In Taiwan’s answer to the Thai horror film Senior, a good-for-nothing boy and the ghost of a policeman work together to solve a case.
The narrator of The Phantom’s Agent, a boy who lives alone, is skipping class at home one day when he is startled to discover himself face-to-face with an imposing-looking ghost: a former cop who has received special dispensation from the King of Hell to return to the mortal realm and seek out the murderer who killed him. Since he is only able to assume corporeal form and manipulate physical objects in this youth’s presence, the ghost cop is forced to try and coerce him into helping.
Eventually the youth reluctantly agrees to help assist in the investigation, only to discover himself facing a series of increasingly difficult challenges: taking care of the cop’s old drug sniffer dog, who consumes (and excretes) on a massive scale; climbing through a rat-infested ventilation duct; and confronting a boss of the underworld who can see and hex ghosts (and is prepared to inject him with a dangerous quantity of cocaine if he says the wrong thing). He may need an increase in pocket money allowance – and perhaps an extra life or two – if he’s going to survive.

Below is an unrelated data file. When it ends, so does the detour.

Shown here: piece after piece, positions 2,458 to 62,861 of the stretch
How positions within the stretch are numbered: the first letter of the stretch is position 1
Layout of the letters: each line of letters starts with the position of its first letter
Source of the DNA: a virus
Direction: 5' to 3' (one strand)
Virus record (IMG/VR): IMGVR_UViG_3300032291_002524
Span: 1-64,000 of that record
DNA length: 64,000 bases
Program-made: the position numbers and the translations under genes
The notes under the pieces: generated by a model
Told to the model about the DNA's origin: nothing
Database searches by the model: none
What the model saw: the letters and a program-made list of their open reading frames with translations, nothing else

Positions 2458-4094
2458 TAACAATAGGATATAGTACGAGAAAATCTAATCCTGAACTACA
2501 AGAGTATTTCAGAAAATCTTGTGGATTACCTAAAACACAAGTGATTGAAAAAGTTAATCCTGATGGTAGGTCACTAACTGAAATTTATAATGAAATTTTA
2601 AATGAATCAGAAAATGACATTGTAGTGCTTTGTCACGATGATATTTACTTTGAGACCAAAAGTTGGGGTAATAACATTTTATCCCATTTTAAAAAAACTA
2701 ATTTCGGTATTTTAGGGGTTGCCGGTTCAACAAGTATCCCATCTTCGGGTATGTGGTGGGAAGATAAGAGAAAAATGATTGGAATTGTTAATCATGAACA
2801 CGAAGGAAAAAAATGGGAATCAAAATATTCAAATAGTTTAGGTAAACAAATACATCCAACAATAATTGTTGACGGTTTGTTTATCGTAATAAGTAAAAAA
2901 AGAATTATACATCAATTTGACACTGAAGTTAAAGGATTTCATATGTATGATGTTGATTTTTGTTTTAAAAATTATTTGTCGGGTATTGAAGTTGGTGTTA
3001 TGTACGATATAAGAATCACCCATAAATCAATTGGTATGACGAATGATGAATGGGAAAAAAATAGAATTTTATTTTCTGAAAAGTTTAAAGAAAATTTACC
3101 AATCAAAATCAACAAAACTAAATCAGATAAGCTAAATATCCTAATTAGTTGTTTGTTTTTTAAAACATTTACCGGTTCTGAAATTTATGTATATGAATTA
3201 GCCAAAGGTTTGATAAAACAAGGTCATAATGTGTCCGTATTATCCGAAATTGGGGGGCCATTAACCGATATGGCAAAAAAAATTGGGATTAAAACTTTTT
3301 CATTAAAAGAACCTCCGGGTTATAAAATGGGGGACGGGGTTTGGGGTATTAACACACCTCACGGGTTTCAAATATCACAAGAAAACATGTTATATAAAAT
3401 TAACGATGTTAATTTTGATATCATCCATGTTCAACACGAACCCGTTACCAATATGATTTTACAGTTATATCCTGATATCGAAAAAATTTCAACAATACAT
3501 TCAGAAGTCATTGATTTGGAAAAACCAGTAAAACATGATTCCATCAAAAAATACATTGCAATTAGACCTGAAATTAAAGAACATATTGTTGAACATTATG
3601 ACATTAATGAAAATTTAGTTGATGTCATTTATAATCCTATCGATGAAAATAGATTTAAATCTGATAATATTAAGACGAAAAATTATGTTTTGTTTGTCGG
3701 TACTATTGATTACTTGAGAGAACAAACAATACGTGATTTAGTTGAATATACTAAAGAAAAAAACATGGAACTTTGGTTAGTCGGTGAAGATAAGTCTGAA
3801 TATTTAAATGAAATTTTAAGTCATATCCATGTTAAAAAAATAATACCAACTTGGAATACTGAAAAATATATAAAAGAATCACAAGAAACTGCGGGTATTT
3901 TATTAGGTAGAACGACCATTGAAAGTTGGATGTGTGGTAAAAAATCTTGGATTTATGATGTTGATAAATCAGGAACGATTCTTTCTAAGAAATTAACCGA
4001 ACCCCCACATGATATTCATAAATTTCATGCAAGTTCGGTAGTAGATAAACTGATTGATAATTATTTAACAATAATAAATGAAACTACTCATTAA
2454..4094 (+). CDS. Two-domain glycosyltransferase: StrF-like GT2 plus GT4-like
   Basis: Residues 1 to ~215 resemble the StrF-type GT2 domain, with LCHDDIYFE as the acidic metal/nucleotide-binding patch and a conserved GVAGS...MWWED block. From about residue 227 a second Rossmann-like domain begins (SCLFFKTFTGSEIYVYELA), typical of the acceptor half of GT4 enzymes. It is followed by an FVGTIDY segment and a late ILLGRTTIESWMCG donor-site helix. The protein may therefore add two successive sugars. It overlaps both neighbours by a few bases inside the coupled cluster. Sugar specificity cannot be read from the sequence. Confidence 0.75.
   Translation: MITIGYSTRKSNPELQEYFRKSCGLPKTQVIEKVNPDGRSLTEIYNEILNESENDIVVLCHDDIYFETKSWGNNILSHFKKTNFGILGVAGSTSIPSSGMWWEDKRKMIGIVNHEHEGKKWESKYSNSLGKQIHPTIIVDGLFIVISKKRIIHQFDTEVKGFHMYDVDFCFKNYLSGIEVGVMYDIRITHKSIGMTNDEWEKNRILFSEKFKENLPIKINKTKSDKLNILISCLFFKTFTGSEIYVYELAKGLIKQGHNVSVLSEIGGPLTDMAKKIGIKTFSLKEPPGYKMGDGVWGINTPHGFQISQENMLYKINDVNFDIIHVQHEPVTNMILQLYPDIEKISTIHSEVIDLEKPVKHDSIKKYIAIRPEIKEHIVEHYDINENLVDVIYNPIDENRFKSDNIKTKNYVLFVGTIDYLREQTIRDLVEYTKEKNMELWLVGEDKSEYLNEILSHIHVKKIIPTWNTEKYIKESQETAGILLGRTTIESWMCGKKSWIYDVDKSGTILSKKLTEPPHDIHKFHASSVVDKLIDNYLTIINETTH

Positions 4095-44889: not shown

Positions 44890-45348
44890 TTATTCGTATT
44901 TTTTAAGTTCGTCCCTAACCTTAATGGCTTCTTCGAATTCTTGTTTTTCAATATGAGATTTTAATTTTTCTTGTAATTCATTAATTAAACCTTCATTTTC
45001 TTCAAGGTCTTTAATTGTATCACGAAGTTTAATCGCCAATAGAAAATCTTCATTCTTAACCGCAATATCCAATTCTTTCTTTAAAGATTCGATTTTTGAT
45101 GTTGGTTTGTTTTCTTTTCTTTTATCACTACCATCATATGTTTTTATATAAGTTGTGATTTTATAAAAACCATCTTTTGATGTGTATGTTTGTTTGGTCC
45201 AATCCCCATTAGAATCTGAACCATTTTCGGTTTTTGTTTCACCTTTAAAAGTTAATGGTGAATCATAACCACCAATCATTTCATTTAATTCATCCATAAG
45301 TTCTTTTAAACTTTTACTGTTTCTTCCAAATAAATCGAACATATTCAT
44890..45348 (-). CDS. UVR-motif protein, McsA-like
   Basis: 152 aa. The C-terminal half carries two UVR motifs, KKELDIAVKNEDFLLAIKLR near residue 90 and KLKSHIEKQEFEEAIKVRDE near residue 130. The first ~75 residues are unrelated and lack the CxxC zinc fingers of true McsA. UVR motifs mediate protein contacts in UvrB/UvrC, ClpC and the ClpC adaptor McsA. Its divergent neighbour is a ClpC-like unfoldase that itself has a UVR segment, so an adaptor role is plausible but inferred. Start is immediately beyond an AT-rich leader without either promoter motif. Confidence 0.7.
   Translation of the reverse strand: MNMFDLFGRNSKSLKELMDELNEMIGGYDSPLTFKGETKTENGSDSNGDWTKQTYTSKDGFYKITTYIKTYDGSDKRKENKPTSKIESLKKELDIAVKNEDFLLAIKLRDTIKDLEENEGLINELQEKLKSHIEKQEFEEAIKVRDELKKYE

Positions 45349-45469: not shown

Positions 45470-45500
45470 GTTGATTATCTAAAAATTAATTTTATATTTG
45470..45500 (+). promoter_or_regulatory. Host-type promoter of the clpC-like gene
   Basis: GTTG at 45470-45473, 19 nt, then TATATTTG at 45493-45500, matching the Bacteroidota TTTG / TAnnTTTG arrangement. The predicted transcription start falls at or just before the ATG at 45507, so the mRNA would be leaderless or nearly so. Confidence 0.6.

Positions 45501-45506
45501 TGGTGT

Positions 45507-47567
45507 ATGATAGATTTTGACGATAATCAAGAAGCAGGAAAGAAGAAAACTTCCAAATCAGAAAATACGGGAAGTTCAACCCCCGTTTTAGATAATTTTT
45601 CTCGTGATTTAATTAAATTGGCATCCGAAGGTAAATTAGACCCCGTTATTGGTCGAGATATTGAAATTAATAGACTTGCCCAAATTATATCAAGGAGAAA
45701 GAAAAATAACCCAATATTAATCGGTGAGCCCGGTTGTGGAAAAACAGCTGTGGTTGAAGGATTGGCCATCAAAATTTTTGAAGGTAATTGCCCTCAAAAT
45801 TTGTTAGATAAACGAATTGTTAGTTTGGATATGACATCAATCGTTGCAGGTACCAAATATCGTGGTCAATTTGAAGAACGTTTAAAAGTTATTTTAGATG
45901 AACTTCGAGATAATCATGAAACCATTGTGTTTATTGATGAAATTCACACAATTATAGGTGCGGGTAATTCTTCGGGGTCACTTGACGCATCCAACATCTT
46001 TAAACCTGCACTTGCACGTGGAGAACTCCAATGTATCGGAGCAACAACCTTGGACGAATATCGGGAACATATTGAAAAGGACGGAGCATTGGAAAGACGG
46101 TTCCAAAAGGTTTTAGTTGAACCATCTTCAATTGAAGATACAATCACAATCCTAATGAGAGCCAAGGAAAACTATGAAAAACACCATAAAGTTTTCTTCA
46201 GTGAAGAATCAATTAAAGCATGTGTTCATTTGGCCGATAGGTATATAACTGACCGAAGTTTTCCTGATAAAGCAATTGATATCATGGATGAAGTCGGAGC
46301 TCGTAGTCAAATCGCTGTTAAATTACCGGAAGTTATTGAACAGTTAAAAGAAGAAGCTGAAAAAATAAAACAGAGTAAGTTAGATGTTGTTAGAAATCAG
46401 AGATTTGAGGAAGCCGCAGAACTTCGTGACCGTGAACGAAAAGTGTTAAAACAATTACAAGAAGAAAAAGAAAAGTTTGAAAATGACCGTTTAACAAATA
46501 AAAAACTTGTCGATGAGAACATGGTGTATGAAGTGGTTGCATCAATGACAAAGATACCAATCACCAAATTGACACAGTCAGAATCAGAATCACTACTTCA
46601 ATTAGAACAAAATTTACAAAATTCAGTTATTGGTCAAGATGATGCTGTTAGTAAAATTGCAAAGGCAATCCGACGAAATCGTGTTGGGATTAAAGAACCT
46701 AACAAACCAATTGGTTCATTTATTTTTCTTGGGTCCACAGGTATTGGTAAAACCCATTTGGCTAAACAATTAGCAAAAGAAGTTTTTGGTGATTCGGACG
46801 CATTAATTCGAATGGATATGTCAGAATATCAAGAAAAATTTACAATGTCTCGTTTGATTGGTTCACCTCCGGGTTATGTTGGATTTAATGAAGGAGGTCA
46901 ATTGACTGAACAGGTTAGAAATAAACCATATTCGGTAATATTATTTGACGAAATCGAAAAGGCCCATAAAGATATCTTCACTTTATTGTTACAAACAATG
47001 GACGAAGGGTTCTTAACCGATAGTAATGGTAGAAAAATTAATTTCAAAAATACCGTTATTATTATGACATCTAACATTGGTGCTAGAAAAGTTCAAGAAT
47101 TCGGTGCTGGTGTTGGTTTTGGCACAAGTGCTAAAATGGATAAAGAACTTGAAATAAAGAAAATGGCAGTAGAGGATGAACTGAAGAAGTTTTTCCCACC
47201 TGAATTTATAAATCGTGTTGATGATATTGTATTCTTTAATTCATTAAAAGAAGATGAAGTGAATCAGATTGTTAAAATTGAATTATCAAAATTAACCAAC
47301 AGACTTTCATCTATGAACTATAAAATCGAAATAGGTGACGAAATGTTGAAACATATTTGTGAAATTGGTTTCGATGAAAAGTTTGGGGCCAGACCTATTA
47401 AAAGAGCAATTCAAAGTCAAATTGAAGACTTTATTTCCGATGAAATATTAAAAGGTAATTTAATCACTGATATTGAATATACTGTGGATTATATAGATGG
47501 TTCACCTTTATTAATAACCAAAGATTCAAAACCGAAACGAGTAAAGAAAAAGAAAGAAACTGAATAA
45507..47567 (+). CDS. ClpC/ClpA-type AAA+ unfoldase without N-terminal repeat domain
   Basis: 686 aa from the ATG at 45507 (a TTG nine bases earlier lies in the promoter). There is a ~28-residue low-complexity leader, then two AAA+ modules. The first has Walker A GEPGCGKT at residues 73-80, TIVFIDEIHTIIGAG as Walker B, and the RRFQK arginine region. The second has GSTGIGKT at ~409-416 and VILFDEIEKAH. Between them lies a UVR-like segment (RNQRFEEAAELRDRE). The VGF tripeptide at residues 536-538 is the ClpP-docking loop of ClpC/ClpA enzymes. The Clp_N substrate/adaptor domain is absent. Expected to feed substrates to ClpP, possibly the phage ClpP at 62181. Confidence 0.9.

The Phantom’s Agent is a series of five novels about a pair of utterly incompatible partners. The case they are investigating is a serious one, but the friction between ghost and human is a source of constant entertainment.